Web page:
The sustainability of pensions in Spain is a serious cause for concern. The Intergenerational Equity Mechanism designed by Minister José Luis Escrivá will not only fail to meet its objectives, but will also cause a cut in pensions.
In this environment of greater uncertainty, the question that savers systematically ask themselves revolves around the convenience of having a pension plan contracted.
It may seem that the bleak future towards which the system is headed leaves no other alternatives to ensure retirement.
However, saving for tomorrow can be channeled in many different ways, such as investment funds, direct purchase of shares, life insurance or the real estate sector. In fact, they are often a more interesting option.
While the best variable income pension plans in Spain offer a profitability of up to 57 percent, according to data from Inverco, the best funds in the same category exceed 80 percent.
The first question: do I need a pension plan?
The real advantage of a pension plan is its taxation. Therefore, the first question that investors should ask themselves is whether they need these products to lower their tax bill, in the event that it pays them.
And it is that contributions to pension plans reduce the general tax base of IRPF, that is, the income declared by all taxpayers. For this reason, the less amount is declared, the lower the tax bracket that is applied will be.
Until 2020, all contributions to the plans were tax-deductible up to a limit of 8,000 euros or 30 percent of income. In 2021, this regimen is not so generous. Contributions will deduct up to 2,000 euros.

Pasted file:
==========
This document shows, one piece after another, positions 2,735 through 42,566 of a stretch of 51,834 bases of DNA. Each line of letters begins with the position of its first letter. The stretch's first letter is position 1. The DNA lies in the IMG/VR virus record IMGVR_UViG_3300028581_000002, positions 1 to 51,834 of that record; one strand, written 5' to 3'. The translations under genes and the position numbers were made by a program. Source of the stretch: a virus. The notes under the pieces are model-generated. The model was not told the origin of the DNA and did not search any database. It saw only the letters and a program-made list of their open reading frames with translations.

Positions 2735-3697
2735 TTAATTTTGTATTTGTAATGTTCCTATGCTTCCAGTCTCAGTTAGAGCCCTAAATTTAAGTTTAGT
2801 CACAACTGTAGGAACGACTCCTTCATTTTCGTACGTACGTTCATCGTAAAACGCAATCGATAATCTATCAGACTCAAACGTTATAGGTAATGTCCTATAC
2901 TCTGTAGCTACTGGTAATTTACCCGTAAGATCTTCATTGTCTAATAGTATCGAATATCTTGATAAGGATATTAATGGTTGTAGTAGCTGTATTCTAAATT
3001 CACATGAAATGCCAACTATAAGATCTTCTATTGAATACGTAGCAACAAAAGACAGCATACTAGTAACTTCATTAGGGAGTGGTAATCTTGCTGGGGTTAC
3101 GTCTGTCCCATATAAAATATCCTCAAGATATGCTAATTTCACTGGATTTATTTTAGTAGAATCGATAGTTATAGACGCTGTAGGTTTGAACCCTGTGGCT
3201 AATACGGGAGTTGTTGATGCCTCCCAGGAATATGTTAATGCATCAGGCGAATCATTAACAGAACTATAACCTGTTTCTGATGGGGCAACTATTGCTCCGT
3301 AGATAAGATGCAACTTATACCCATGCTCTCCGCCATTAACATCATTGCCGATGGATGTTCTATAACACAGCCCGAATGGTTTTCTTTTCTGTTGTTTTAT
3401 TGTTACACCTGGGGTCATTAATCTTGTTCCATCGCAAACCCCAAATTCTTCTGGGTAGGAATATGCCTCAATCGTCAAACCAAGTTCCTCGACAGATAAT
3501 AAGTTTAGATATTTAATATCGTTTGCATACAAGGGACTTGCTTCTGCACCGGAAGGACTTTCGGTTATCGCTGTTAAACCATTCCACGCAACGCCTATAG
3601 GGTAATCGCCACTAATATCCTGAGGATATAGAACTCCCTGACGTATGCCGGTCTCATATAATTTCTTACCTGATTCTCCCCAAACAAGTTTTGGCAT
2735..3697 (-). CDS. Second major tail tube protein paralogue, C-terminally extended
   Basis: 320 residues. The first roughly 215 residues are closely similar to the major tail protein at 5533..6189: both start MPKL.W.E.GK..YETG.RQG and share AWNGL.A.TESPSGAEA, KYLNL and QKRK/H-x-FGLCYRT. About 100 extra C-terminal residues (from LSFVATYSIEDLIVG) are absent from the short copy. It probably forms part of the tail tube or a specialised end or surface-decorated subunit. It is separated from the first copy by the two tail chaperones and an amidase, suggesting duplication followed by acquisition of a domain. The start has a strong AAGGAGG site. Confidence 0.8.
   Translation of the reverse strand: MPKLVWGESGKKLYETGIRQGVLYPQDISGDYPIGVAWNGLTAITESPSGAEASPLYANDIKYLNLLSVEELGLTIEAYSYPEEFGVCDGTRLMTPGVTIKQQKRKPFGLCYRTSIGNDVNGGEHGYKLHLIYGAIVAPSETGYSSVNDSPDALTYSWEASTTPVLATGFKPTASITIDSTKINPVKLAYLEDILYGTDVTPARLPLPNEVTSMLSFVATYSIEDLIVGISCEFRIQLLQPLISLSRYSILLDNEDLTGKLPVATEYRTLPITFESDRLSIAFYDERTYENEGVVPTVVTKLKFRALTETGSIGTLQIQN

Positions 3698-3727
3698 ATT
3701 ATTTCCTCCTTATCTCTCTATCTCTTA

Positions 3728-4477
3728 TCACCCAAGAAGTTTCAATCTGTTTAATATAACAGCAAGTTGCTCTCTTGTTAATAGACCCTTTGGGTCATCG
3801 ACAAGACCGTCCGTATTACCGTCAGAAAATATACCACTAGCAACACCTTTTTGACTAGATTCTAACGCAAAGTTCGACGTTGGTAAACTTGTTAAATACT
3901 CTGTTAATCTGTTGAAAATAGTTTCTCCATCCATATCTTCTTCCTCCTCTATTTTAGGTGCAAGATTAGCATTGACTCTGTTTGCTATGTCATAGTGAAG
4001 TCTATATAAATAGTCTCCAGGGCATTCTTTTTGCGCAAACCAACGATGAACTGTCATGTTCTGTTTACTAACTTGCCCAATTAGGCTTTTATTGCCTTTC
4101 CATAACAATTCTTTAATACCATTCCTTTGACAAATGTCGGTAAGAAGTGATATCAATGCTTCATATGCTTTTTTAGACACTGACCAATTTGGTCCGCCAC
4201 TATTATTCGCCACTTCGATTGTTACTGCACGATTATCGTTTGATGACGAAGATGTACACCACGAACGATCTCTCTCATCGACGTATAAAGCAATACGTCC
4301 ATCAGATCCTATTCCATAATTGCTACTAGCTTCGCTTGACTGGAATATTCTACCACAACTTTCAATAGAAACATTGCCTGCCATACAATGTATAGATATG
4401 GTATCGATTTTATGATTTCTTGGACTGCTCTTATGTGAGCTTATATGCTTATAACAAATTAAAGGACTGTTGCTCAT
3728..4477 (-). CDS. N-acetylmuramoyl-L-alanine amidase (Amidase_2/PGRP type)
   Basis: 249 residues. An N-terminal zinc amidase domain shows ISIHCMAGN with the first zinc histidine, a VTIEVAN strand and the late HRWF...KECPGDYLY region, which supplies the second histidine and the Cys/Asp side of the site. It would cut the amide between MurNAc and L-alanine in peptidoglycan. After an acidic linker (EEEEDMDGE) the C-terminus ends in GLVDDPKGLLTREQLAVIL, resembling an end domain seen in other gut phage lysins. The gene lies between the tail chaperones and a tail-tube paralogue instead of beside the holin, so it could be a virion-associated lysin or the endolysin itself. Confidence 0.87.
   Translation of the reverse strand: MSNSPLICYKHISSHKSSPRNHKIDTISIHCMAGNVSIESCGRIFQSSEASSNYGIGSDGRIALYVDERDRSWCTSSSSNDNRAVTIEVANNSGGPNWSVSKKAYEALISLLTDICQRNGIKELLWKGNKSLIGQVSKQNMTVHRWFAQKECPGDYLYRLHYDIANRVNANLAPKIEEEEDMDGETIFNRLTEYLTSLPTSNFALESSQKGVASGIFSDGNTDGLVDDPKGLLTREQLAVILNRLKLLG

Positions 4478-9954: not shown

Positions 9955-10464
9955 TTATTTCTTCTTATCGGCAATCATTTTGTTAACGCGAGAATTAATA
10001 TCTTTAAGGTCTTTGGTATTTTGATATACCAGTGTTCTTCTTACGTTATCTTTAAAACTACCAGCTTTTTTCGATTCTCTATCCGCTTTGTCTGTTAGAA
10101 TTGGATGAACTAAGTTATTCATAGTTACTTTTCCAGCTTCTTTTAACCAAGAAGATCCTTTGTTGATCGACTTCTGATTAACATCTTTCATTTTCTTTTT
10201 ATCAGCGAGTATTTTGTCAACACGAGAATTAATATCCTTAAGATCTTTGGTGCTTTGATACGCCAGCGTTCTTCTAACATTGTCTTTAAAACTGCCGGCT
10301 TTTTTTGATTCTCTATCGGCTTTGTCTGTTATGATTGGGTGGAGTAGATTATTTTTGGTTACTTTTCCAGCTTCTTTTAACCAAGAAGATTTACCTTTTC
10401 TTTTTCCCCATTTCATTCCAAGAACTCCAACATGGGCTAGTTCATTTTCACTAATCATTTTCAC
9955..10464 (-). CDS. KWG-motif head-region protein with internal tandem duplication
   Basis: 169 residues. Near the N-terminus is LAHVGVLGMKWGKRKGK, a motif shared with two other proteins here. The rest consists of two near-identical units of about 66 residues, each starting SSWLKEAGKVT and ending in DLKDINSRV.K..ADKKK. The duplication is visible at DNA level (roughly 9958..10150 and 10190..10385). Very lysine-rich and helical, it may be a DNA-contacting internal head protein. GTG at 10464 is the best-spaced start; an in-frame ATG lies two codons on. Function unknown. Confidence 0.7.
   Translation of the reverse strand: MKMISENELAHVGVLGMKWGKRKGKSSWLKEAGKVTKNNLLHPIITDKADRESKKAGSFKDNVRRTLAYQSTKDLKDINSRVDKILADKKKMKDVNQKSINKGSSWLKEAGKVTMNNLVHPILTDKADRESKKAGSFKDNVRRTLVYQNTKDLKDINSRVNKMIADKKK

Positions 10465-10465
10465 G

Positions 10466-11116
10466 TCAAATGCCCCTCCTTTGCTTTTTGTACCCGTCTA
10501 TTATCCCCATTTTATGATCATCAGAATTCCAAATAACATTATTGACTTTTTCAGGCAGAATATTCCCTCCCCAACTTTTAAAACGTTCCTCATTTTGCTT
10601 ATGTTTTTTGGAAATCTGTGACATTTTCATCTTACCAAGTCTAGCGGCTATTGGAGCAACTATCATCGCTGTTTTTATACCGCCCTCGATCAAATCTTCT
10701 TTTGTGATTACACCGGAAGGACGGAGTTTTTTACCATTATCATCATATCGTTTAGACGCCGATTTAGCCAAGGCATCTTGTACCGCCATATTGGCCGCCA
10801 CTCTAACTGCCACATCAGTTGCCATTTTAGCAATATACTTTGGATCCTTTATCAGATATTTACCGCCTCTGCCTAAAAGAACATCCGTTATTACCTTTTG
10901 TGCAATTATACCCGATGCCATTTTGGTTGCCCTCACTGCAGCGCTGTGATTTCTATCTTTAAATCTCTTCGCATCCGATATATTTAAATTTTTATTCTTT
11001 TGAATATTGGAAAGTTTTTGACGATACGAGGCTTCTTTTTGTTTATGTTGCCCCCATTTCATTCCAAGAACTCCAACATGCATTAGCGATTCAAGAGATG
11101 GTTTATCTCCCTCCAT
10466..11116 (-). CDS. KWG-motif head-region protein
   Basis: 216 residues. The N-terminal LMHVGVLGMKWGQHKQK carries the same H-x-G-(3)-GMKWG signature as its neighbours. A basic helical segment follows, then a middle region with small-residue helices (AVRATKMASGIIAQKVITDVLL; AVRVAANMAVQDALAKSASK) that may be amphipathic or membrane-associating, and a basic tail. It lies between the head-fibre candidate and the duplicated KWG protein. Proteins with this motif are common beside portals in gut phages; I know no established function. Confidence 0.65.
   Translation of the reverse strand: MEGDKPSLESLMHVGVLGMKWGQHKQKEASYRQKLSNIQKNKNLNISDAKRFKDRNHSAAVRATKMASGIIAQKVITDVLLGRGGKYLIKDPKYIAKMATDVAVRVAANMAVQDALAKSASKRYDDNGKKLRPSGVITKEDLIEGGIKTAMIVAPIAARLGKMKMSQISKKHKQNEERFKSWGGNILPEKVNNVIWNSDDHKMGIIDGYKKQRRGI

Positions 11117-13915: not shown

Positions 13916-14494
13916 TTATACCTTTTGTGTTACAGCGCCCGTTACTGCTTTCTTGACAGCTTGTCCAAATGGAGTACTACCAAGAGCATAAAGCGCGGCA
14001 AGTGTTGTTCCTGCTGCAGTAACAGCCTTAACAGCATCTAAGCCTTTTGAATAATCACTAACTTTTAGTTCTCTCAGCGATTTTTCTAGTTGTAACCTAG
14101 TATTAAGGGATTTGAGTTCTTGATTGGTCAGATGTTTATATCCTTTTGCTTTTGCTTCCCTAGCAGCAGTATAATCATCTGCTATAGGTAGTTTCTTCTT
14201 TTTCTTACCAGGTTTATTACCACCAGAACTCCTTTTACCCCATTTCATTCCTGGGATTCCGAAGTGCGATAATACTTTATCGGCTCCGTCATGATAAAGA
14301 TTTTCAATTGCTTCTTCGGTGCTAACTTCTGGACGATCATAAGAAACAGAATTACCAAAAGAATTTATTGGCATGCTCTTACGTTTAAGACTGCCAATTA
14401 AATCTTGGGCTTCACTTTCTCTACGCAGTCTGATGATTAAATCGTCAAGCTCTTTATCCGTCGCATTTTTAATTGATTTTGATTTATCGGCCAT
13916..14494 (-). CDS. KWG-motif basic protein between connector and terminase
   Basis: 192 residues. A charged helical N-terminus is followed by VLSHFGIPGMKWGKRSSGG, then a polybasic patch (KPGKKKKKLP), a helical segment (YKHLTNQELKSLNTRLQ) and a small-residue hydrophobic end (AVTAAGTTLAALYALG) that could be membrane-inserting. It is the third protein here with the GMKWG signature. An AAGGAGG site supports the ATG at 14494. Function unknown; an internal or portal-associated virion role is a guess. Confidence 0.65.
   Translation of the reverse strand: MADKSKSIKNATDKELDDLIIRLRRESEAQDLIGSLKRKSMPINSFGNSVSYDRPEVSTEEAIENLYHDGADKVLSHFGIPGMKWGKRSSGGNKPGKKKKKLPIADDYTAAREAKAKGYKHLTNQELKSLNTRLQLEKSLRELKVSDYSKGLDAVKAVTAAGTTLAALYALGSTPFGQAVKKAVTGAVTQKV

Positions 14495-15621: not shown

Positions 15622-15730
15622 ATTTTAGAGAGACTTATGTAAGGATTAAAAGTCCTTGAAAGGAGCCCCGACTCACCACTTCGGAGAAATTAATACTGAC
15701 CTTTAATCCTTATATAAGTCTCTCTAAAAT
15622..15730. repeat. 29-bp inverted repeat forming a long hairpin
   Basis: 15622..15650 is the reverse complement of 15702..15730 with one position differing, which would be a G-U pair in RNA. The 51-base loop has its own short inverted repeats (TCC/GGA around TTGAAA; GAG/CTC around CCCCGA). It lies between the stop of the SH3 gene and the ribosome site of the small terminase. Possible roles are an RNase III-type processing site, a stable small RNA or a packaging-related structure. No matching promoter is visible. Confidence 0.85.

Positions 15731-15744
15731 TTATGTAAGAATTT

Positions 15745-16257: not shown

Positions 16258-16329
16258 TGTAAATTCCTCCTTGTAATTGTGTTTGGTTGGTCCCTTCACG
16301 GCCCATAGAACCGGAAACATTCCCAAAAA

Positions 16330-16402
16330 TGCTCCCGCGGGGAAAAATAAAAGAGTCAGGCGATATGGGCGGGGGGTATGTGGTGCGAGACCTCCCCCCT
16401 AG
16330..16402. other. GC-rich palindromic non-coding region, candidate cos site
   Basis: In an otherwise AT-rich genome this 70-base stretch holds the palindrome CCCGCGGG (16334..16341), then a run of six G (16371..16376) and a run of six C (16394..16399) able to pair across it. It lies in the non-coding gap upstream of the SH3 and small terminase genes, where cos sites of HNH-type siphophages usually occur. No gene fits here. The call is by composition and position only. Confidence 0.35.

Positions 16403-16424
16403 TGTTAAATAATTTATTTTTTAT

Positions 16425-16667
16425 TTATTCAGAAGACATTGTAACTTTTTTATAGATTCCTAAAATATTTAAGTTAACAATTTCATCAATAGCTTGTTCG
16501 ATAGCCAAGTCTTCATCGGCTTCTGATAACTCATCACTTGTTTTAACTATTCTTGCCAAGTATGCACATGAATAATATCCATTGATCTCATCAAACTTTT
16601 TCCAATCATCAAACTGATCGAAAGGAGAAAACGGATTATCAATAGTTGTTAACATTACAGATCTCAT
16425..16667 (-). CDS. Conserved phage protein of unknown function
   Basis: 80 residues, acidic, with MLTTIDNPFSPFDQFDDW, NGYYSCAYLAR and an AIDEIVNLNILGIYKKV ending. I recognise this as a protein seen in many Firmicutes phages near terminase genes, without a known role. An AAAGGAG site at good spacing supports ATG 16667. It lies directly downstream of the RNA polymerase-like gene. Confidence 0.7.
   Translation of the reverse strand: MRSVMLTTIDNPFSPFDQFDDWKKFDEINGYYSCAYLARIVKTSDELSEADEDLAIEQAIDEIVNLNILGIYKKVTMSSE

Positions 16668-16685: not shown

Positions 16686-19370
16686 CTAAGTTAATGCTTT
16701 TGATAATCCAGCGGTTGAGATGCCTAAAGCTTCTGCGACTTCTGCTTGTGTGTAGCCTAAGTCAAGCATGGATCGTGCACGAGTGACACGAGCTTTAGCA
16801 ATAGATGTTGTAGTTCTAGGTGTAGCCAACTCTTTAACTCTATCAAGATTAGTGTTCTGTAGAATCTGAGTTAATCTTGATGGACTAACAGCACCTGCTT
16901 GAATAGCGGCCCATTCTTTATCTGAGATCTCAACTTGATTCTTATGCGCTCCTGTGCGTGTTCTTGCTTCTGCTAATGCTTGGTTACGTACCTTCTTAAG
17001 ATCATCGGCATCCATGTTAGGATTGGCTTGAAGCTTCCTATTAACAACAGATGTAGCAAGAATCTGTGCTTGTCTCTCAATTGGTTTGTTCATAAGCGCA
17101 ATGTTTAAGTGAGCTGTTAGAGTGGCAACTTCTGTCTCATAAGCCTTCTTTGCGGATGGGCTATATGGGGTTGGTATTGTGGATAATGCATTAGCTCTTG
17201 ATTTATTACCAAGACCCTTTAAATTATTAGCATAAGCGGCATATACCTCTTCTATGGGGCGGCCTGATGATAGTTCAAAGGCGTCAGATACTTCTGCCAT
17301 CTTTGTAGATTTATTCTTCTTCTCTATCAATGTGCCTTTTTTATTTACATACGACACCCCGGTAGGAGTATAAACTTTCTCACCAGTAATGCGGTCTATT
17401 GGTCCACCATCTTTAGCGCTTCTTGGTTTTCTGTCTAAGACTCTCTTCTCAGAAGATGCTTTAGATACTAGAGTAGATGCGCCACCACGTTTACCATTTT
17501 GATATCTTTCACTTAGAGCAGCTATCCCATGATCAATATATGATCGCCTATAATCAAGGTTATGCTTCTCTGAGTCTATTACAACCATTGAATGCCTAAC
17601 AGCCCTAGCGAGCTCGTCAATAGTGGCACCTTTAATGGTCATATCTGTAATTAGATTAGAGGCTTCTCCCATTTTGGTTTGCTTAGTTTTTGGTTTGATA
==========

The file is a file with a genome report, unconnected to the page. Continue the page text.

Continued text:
As long as there are still tax advantages, the plan is still attractive, but much less so than before. Therefore, those who seek this tax benefit will have to refine the calculations and think that at most their marginal rate can be deducted from 2,000 euros.
Types of pension plans
Once the decision to hire a pension plan has been made, it must be borne in mind that not all products are the same. As with mutual funds, they are divided by asset class.
For example, there are equity plans that invest in the stock market. They can do it by markets, regions or sectors, and normally, they have more risk although they also generate more profitability.
There are also fixed income plans that invest in money market assets, bonds, and long-term debt. Despite their name, they can be at a loss, as is the case with the vast majority of plans in this category in 2021. They are hurt by expectations of rate hikes.
In the middle of both plans are mixed products, which combine the stock market and bonds. The most aggressive tend to have a higher percentage of equities. Finally, guaranteed plans usually offer a guaranteed minimum return and a capital guarantee at maturity.
How to make contributions
As with all products, pension plans require financial management. Hiring the product to kill it is a bad idea.
The normal thing is to contract a single plan, if not several, and distribute the contributions according to the age of the participant.
A fairly practical rule is to calculate the contribution in the equity plan by subtracting the age of the saver from 100.
For example, a 25-year-old participant would invest 75 percent of his total contribution (100-25 = 75) in a stock plan and the remainder, 25 percent, in a fixed income plan.
This rule makes sense up to a certain age, usually set by financial advisers at 50. From here, it is convenient to overweight the contributions in fixed income more, because retirement is closer.
To balance contributions, Angel Faustino, author of the book ‘Investing your savings and multiplying your money’, proposes that the part that goes to fixed income be multiplied by 1.5, and the rest, to the stock market.
Thus, a 60-year-old saver would have to invest 90 percent in fixed income (60 x 15.5) and 10 percent in equities.